Lead is a naturally occurring metal that has been used in a wide variety of products including drinking water service lines and plumbing materials. Service lines are the pipes that bring water from the provider to your house. Lead service lines were common in the U.S. until the mid-1950s.
The Safe Drinking Water Act of 1974 intended to protect the quality of drinking water and ultimately banned the use of lead in pipes, solder, and other plumbing materials by 1986. However, lead pipes installed previously, still exist. Lead in drinking water typically occurs because these lead-containing pipes and plumbing materials corrode over time.
Minimizing lead exposure, particularly for children, is one of the department’s public health goals. According to the Centers for Disease Control and Prevention, there is no safe level of lead in blood. Even at low levels, a child’s exposure to lead can be harmful.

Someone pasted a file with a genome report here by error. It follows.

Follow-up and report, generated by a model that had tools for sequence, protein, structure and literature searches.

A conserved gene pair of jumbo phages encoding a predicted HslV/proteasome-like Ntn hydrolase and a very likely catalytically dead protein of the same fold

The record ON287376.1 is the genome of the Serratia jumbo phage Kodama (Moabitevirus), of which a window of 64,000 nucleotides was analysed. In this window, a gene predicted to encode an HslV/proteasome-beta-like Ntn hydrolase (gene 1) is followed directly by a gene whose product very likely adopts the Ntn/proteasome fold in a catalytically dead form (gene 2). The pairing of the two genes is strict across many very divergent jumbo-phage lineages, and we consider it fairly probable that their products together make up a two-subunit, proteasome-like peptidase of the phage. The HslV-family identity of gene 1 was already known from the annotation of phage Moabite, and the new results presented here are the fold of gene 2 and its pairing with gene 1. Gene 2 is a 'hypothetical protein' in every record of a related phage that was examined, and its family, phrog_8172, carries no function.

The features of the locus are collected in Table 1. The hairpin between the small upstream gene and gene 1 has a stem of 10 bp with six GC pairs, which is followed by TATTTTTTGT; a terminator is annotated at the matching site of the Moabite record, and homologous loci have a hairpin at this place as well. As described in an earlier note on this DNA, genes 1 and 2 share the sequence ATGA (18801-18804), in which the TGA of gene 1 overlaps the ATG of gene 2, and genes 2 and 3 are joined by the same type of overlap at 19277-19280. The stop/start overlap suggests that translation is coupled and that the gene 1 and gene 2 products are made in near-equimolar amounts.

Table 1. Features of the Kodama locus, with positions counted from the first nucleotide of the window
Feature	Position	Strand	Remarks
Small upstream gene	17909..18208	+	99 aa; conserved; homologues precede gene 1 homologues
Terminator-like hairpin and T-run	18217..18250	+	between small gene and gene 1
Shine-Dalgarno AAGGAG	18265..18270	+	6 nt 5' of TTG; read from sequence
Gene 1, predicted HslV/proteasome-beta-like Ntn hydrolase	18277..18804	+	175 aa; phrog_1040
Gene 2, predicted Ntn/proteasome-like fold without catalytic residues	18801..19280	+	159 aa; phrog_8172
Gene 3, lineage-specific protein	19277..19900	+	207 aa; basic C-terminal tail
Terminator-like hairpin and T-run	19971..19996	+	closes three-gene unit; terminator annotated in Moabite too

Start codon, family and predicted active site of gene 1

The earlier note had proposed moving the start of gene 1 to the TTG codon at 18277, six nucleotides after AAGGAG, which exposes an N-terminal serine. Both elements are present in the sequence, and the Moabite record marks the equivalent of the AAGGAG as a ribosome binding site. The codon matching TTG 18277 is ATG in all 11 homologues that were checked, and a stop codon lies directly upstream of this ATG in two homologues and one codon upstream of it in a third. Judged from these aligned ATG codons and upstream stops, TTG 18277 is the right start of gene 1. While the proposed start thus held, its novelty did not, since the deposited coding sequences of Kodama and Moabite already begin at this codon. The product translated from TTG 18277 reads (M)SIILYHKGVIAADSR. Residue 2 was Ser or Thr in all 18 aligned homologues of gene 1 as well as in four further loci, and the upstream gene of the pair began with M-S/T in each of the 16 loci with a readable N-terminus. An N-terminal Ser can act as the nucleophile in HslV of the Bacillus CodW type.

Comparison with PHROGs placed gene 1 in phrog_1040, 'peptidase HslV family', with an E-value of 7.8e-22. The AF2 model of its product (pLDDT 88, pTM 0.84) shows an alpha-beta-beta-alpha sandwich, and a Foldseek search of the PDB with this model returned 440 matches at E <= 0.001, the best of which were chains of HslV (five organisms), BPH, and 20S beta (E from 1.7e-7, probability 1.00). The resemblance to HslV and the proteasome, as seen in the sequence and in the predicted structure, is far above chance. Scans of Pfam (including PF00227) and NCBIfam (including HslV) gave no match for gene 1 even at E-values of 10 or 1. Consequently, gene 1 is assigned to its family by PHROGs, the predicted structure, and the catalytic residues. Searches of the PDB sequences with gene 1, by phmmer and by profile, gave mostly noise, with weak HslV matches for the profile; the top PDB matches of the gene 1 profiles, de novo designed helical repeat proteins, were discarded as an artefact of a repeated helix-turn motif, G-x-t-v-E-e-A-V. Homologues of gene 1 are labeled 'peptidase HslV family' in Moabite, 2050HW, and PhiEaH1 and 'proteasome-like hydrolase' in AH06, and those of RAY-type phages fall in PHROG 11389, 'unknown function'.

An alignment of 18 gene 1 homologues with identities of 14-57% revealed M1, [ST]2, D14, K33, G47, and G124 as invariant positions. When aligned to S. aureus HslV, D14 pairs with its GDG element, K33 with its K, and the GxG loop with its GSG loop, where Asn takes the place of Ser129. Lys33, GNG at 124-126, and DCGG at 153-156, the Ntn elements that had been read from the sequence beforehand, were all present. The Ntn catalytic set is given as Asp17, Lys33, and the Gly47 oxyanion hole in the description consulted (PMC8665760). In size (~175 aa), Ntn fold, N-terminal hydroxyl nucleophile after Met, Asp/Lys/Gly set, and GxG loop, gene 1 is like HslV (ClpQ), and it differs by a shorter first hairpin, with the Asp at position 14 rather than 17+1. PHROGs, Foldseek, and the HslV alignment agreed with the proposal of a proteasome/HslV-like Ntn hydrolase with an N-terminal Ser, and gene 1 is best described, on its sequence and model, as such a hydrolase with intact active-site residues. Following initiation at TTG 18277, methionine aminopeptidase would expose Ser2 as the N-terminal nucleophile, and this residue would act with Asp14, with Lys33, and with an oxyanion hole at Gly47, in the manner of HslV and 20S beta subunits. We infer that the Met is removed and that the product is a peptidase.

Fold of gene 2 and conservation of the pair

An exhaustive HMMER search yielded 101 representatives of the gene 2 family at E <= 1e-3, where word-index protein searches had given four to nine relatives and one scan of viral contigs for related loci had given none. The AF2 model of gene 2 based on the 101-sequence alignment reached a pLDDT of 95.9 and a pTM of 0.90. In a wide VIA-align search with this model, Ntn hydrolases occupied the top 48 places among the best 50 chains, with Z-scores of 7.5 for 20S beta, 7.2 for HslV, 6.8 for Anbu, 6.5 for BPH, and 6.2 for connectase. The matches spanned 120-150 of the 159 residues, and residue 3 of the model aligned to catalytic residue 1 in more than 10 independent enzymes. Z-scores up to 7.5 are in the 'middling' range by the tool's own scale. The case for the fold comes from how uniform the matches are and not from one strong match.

- Colorado drinking water.
- EPA - Basic information on lead in drinking water.
- EPA - Lead.
- Center for Disease Control (CDC)
- 4 everyday ways to reduce lead in drinking water | 4 maneras de reducir a diario la exposición al plomo en el agua potable
- Lead and Copper Rule.
Forms, tools and guidance for public water systems and water operators regarding the Lead and Copper Rule.
- Test and Fix Water For Kids - mandatory lead sampling for schools and child care programs (HB22-1358).
- Optimal Corrosion Control Treatment
As part of the Lead and Copper Rule, optimal corrosion control treatment (OCCT) may be required to minimize lead at customer’s drinking water taps. Determining the OCCT involves reviewing treatment alternatives to decrease the amount of corrosion that occurs within drinking water pipes. Corrosion is what contributes to lead being released into drinking water from lead service lines, lead solder in copper pipes, or from certain fixtures containing lead.